33 Thomas Street (formerly the AT&T Long Lines Building) is a 550-foot-tall (170 m) skyscraper in Civic Center, Lower Manhattan, New York City. It stands on the east side of Church Street, between Thomas Street and Worth Street. The building is an example of the Brutalist architectural style. It is a telephone exchange or wire center building which contained three major 4ESS switches used for interexchange (long distance) telephony, as well as a number of other switches used for competitive local exchange carrier services. However, it is not used for incumbent local exchange carrier services, and is not a central office. The CLLI code for this facility is NYCMNYBW. The building has also been described as the likely location of a National Security Agency (NSA) mass surveillance hub codenamed TITANPOINTE.
- "33 Thomas Street" | 2019-11-17 | 156 Upvotes 59 Comments
Fazlur Rahman Khan (Bengali: ফজলুর রহমান খান, Fozlur Rôhman Khan) (3 April 1929 – 27 March 1982) was a Bangladeshi-American structural engineer and architect, who initiated important structural systems for skyscrapers. Considered the "father of tubular designs" for high-rises, Khan was also a pioneer in computer-aided design (CAD). He was the structural engineer of the Sears Tower working with Architect Bruce Graham, since renamed Willis Tower, the tallest building in the world from 1973 until 1998, and the 100-story John Hancock Center.
Khan, more than any other individual, ushered in a renaissance in skyscraper construction during the second half of the 20th century. He has been called the "Einstein of structural engineering" and the "Greatest Structural Engineer of the 20th Century" for his innovative use of structural systems that remain fundamental to modern skyscraper design and construction. In his honor, the Council on Tall Buildings and Urban Habitat established the Fazlur Khan Lifetime Achievement Medal, as one of their CTBUH Skyscraper Awards.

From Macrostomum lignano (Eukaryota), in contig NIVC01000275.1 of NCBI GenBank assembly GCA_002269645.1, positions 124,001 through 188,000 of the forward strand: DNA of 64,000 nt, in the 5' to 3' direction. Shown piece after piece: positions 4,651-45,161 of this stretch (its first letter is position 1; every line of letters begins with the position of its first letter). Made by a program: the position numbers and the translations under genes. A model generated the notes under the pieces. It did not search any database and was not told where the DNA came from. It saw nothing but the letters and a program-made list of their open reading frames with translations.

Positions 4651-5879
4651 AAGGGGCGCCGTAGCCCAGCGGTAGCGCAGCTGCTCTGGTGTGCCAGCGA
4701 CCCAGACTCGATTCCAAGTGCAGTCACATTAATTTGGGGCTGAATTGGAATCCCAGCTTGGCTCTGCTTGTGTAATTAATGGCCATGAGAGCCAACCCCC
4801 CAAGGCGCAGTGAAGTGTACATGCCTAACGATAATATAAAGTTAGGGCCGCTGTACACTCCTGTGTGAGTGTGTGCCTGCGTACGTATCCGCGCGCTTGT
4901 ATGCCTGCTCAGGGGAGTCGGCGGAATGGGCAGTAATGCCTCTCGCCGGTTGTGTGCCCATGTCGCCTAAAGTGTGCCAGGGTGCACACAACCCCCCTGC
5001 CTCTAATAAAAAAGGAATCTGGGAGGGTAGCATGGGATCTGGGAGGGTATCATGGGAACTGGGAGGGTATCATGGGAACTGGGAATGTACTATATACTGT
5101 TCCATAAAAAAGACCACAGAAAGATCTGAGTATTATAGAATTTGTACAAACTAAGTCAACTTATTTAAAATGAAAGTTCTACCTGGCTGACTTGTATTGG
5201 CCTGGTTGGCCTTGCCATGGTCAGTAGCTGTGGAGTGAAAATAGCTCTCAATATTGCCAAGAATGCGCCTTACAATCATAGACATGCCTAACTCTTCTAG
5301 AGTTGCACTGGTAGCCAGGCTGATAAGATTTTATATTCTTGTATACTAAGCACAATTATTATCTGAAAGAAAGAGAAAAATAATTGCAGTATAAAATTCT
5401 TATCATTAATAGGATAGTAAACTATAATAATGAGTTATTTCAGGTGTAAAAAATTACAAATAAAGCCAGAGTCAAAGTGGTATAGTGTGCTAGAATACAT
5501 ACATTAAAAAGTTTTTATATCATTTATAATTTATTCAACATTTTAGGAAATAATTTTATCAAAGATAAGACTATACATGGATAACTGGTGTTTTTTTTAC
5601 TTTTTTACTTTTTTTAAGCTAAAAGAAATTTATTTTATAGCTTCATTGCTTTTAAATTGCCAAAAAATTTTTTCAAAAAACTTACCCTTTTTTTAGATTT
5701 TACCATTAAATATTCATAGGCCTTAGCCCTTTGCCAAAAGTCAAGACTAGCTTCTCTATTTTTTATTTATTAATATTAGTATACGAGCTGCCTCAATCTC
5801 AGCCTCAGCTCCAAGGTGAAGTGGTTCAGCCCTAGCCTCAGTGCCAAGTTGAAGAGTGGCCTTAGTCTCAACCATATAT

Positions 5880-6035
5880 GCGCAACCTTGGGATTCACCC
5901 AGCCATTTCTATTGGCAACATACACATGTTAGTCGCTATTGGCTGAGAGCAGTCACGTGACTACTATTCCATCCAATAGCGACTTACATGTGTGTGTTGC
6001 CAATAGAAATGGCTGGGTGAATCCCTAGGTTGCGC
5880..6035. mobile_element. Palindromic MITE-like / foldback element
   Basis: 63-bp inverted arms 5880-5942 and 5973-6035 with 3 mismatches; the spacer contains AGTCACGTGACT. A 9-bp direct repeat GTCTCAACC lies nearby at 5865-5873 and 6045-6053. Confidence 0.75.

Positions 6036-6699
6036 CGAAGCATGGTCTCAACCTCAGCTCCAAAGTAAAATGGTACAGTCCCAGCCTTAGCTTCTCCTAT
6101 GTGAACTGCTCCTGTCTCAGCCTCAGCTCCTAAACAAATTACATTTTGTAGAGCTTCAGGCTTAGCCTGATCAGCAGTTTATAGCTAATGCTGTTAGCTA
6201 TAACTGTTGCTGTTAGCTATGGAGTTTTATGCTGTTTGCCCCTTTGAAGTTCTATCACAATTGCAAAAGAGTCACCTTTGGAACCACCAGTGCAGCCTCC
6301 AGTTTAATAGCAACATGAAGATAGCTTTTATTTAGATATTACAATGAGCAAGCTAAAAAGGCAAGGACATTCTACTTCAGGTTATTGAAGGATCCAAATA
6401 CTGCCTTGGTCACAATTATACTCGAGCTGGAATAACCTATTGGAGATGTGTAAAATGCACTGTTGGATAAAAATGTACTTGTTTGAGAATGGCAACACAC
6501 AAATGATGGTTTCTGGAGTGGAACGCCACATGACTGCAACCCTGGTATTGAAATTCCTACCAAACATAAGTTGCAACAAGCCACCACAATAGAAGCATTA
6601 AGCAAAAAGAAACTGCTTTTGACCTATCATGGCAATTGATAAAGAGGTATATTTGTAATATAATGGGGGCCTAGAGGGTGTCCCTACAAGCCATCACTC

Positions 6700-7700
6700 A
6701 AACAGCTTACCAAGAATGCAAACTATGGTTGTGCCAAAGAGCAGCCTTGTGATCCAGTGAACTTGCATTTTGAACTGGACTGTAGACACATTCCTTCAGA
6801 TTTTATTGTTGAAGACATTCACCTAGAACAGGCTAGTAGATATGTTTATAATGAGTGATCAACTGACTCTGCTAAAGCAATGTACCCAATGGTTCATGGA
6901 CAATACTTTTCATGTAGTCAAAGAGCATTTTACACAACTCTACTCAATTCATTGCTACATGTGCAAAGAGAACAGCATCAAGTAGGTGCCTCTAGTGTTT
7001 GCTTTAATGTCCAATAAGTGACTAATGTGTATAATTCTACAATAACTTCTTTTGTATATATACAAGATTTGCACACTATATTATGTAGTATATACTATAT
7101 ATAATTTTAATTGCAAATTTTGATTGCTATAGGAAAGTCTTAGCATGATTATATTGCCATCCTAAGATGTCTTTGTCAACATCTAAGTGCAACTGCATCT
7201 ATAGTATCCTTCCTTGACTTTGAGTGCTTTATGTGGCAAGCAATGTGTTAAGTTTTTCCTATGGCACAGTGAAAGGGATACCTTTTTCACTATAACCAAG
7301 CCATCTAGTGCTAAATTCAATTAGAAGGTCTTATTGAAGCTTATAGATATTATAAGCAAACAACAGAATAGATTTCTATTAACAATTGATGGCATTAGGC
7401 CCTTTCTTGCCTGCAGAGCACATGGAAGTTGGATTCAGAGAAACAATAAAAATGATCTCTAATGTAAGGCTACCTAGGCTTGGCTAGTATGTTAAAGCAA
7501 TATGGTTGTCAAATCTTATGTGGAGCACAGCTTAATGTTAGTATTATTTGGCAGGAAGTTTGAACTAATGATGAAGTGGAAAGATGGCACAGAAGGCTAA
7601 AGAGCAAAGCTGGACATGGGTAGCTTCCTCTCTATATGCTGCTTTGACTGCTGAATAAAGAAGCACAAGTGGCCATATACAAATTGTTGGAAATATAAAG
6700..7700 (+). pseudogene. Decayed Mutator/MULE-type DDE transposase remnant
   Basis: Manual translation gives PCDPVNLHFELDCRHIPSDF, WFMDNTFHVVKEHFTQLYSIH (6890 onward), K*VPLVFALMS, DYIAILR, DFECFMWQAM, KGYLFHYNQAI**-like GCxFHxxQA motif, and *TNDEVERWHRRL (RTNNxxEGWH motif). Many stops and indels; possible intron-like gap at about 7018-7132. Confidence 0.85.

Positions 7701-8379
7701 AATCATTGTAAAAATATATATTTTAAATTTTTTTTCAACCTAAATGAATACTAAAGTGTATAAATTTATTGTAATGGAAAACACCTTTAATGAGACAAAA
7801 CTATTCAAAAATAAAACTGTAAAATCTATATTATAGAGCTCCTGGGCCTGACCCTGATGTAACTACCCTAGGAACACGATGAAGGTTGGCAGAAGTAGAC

Although best known for skyscrapers, Khan was also an active designer of other kinds of structures, including the Hajj airport terminal, the McMath–Pierce solar telescope, and several stadium structures.
- "Fazlur Khan: The engineer who made it possible to live in the sky" | 2014-06-12 | 86 Upvotes 9 Comments
The Newby–McMahon Building, commonly referred to as the world's littlest skyscraper, is located at 701 La Salle (on the corner of Seventh and La Salle streets) in downtown Wichita Falls, Texas. It is a late Neoclassical style red brick and cast stone structure. It stands 40 ft (12 m) tall, and its exterior dimensions are 18 ft (5.5 m) deep and 10 ft (3.0 m) wide. Its interior dimensions are approximately 12 ft (3.7 m) by 9 ft (2.7 m), or approximately 108 sq ft (10.0 m2). Steep, narrow, internal stairways leading to the upper floors occupy roughly 25 percent of the interior area.
Reportedly the result of a fraudulent investment scheme by a confidence man, the Newby–McMahon Building was a source of great embarrassment to the city and its residents after its completion in 1919. During the 1920s, the Newby–McMahon Building was featured in Robert Ripley's Ripley's Believe It or Not! syndicated column as "the world's littlest skyscraper," a nickname that has stuck with it ever since. The Newby–McMahon Building is now part of the Depot Square Historic District of Wichita Falls, a Texas Historic Landmark.
- "World's Littlest Skyscraper" | 2021-03-13 | 131 Upvotes 49 Comments